Holding Patterns: Crossing Threads®
06 August -
30 August 2020
4A Centre for Contemporary Asian Art
181-187 Hay St, Haymarket
In a period of uncertainty and stasis, artists have demonstrated the capacity of human creativity through artistic innovation, lateral thought, and inspired action. In our current period of changes and shifts, 4A is pleased to invite you to engage with Holding Patterns, a series of four solo exhibitions on view from July to October. These exhibitions highlight and support the works of Sydney-based artists Kien Situ, Crossing Threads®, Shireen Taweel and Sofiyah Ruqayah, utilising our ground-floor gallery space and windows out onto Haymarket’s streets.
Referring to the aeronautical manoeuvre of an airplane forced to delay its landing procedure to avoid potential disaster, a holding pattern suggests divergence from an established routine and the suspension of normalcy. Crucially, it is an action of adaptability: a pilot executing specific turns whilst accounting for wind speed and direction to establish its course. The pattern achieves seemingly limitless flight, looping until given permission to commence its landing operations, once again returning to earth and reality. It is in this moment of suspension that we find ourselves undertaking our own rituals of contemplation, addressing our own pathways forward in a time of stillness.
For the exhibiting artists COVID-19 has been an unexpected intervention, a force majeure. Forced out of their routines, artists have now been given opportunities to reflect on what it means to be creatively-engaged during a time of crisis. Contemplating artistic practice with the arts industry shut down, Holding Patterns demonstrates the resilience and ingenuity of artists during this time.. Some have taken time to rest and recharge, quietly laying projects to rest to make way for new ideas, while others have pivoted to hone their craft.
Through textiles, sculptures, metallurgy, drawing and painting, the artists of Holding Patterns deftly navigate cultural histories, identities, object permanence and transmutation through process-based practice. As the first exhibiting artist, Kien Situ creates architecturally-informed sculptures of domestic and sacred objects and furniture rendered with obscurity in form, function and material. The complex ‘interknot’ technique of Crossing Threads® embraces compositional tension and release in the contrasting tones and textures of their lyrical, abstracted pieces. Shireen Taweel modernises the traditional art of copper-smithing to create pieces that blur the line between jewellery and sculpture, opening dialogues of shared histories and relationships between communities of fluid identities. Sofiyah Ruqayah’s indeterminate forms draw upon mutations of human and non-human realities, generating connections between tangible bodies and aetheric dreams and spirit worlds informed by cultural myths of embodiment.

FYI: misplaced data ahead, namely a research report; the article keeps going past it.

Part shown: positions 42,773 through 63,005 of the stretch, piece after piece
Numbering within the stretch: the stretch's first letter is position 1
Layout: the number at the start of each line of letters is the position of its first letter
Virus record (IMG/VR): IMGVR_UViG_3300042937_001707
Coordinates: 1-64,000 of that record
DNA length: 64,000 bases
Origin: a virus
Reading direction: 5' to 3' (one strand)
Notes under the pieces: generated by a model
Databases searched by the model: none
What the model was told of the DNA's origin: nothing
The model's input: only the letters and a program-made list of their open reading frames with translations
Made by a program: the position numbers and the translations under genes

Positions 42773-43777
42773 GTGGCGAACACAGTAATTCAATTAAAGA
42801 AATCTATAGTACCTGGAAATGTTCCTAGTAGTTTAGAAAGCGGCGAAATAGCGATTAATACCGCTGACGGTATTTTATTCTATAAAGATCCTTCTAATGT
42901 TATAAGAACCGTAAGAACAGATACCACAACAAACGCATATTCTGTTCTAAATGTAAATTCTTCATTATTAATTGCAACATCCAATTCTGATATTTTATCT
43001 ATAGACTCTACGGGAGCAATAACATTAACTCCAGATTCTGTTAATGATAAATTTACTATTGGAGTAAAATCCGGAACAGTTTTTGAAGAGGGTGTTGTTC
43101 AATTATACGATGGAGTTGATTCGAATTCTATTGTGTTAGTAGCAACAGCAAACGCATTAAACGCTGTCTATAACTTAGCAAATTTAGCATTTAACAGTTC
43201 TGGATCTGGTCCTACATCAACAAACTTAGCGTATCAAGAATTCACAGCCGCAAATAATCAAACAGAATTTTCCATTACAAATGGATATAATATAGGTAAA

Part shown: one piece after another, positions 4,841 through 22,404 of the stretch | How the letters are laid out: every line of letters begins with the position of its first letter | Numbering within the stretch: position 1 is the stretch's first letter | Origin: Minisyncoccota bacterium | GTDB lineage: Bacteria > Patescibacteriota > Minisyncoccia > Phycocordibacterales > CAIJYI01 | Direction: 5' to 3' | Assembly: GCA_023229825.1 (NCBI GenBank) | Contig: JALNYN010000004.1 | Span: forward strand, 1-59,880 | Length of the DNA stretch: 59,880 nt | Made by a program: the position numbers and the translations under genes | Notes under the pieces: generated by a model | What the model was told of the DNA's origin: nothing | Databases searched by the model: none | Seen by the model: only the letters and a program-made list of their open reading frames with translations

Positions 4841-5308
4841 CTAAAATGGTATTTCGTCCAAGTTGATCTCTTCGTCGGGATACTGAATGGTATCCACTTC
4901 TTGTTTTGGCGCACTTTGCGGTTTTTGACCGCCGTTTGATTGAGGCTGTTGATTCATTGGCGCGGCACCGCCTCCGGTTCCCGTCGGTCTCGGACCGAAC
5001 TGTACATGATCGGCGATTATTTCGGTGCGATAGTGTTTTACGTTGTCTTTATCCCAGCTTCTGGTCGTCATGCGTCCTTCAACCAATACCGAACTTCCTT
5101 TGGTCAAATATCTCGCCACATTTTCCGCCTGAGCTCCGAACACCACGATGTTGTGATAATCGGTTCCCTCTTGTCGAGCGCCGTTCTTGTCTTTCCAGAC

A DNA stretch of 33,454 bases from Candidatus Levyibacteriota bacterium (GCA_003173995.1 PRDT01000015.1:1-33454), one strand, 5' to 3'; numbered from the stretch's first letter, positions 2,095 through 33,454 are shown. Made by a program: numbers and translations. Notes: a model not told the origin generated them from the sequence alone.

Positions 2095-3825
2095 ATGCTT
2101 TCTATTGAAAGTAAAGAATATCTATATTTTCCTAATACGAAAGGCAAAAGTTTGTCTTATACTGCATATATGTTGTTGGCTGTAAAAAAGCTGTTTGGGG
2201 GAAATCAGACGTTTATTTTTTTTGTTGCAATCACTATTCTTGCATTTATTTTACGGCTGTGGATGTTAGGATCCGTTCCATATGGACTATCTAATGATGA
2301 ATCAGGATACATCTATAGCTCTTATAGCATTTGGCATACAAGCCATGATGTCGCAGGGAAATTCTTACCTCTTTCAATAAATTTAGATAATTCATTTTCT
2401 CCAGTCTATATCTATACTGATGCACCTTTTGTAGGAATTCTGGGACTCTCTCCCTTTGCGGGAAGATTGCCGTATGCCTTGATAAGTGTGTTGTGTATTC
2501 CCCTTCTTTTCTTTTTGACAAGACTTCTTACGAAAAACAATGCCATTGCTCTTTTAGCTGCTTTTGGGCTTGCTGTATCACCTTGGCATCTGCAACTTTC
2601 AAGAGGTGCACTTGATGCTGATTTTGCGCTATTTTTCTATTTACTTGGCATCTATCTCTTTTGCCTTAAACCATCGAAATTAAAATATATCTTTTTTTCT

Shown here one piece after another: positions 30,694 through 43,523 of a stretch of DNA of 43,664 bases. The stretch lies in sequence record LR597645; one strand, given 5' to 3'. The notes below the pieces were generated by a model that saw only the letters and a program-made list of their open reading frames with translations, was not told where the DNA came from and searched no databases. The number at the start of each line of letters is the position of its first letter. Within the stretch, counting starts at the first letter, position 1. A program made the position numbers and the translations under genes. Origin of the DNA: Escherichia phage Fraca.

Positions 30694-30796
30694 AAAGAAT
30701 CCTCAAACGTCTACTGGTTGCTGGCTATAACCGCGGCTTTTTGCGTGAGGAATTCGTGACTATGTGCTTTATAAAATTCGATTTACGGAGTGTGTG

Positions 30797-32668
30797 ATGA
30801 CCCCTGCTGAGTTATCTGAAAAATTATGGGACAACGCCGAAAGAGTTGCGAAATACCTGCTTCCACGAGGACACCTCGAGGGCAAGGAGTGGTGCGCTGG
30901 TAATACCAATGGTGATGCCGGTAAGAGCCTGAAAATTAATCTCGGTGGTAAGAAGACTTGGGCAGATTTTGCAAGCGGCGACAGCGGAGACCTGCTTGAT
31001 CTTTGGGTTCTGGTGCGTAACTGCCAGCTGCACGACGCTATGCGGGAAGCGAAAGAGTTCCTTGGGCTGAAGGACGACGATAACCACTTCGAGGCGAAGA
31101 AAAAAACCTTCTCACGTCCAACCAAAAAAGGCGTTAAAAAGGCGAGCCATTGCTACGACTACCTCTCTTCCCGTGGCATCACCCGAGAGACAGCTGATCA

Fusing together their own creative impulses within traditional methods, these artists make mass departures from ‘normal’ culturally-concerned art making. It is within these strays from tradition and the ‘expected’ that new cultural dialogues can begin to emerge, representing the hybridity of Asian-Australian contemporary art practice. By merging traditional Asian techniques and labour-intensive processes, Holding Patterns relishes in craftsmanship and provides opportunities to glimpse the artists’ material worlds of contemplation and stillness, offering momentary suspension from our own holding patterns.
Top image: Crossing Threads®; Holding Patterns: Crossing Threads®; Installation view, 4A Centre for Contemporary Asian Art, August 2020. Crossing Threads®: (Back Right): THE DIVIDE, 2020, alpaca, bamboo, canvas, cotton, cotton roping, felted Merino wool, hand cut denim, hand cut leather, hand dyed raffia, hand dyed Shibori, hemp, linen, marine roping, Merino wool, mixed natural fibres, Pima cotton; suspended off a painted Tasmanian oak wooden dowel; handwoven by Kass Hernandez. Left Wall Right: Crossing Threads, Consolation, 2020, bamboo, cotton, hand dyed Merino wool, handspun upcycled yarn, hemp, leather, linen and mixed natural fibres framed in Tasmanian oak. Handwoven by Kass Hernandez, courtesy the artists.